There has been a 21 per cent increase in the amount of funds being withdrawn from individuals’ pensions in the second quarter of this year, as the number of withdrawals made hit a new record.
Data published by HM Revenue & Customs today (July 31) showed £2.75bn was withdrawn from pensions flexibly in the second quarter of 2019, up from £2.27bn in the same period last year.
A record 336,000 savers accessed their pension flexibly in the period, withdrawing £8,200 on average.
This compared with 264,000 dipping into their pension pot in the same period last year, taking an average of £8,600 per person.
However, withdrawal numbers for 2015/16 are not inclusive as HMRC made reporting optional this year to lessen the burden on the industry.
Pension freedom rules mean those aged over 55 no longer have to purchase an annuity to access their pension income but can instead enter drawdown or take a cash amount.
In total, more than £28bn has been withdrawn from schemes since the introduction of the pension freedom rules in 2015. Each person has made on average six withdrawals.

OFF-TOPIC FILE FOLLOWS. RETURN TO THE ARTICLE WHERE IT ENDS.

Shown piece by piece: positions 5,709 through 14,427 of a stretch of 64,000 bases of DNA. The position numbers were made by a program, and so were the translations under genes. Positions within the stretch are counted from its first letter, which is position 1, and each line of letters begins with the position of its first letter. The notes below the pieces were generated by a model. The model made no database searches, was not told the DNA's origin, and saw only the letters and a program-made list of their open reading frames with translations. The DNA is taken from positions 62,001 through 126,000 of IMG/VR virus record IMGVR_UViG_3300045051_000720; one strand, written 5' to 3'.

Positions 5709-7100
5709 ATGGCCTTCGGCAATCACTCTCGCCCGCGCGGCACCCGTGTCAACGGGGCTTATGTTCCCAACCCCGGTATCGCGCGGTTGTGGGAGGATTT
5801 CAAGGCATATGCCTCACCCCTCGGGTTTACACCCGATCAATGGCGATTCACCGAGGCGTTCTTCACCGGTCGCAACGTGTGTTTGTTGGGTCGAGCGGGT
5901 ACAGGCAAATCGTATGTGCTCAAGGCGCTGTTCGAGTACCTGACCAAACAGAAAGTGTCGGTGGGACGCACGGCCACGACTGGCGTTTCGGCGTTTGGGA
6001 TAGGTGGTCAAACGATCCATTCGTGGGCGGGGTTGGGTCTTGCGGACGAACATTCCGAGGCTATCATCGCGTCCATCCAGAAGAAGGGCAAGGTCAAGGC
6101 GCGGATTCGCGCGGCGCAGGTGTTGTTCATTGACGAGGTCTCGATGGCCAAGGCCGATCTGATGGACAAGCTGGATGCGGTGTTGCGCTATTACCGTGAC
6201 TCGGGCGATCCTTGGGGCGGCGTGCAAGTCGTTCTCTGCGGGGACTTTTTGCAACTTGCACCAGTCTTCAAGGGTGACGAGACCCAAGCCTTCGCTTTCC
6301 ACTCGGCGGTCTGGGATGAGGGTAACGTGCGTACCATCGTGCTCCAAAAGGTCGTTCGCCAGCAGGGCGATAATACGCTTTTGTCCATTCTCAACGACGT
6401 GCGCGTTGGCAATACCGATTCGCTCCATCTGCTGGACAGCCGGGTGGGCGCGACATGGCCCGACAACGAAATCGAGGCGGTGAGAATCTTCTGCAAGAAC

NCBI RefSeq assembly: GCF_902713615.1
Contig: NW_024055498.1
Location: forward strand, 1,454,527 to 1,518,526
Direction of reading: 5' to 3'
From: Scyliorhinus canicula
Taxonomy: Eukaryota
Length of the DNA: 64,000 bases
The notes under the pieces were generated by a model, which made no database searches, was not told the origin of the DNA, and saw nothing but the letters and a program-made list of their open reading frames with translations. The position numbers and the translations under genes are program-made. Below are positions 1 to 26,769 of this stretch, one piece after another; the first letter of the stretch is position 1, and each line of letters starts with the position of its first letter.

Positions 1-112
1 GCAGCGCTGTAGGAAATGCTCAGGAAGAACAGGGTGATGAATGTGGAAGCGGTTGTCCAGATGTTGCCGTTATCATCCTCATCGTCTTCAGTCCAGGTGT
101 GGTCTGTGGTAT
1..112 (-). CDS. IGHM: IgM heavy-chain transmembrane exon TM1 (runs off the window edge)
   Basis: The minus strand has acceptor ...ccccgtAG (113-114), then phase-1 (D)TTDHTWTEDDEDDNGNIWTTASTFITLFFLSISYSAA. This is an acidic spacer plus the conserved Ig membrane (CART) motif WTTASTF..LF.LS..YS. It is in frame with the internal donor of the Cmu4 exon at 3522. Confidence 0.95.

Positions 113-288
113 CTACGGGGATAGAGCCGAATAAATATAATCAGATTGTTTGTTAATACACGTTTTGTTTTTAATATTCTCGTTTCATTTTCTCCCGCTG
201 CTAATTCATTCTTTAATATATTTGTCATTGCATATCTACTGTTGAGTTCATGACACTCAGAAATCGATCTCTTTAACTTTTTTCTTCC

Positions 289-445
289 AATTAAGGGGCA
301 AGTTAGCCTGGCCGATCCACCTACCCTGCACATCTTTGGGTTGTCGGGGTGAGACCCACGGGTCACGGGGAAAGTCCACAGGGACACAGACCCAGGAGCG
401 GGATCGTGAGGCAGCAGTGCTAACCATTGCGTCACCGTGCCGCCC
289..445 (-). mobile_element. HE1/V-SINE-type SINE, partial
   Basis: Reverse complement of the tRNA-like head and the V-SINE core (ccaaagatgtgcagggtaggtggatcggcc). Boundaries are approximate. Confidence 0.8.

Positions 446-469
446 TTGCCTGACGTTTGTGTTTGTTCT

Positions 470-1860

Since 2016, the average amount of withdrawals has fallen steadily, however Q2 traditionally sees a peak.
HMRC stated this was because taxpayers often planned their withdrawals around the start of a new tax year.
The tax authority only collects information on taxable flexible payments, any other tax free funds are not included in the data.
Emma Byron, managing director of Legal & General retail retirement income, said: “Thousands of people are continuing to unlock their pension wealth before retirement, but there is a flipside to the flexibility offered by pension freedoms.
“The responsibility to make decisions about later life income now rests with consumers and many are deciding what to do with their pension without taking advice or guidance.”
Ms Bryon said many consumers were not equipped to access their pensions themselves and that the pensions industry needed to address this issue.
She said: “Rather than product packs, we need to talk to customers about their plans and ambitions for later life.
“Whether people buy an annuity, invest or have a combination of solutions, we need to support them with good guidance and encourage them to seek advice. This will help them to make informed decisions about their pensions so they can enjoy a retirement they aspire to.”
Andrew Tulley, technical director at Canada Life also warned there was a risk people could run out of money if they withdrew too much.
He said: “The risk of running out of money is very real, as there are no mechanisms to prevent people depleting their pots too quickly. Conversely, there is also the risk that people don’t spend enough in retirement for fear of running out of money.
“Without the right financial advice, most people will not achieve the best outcome in retirement.”
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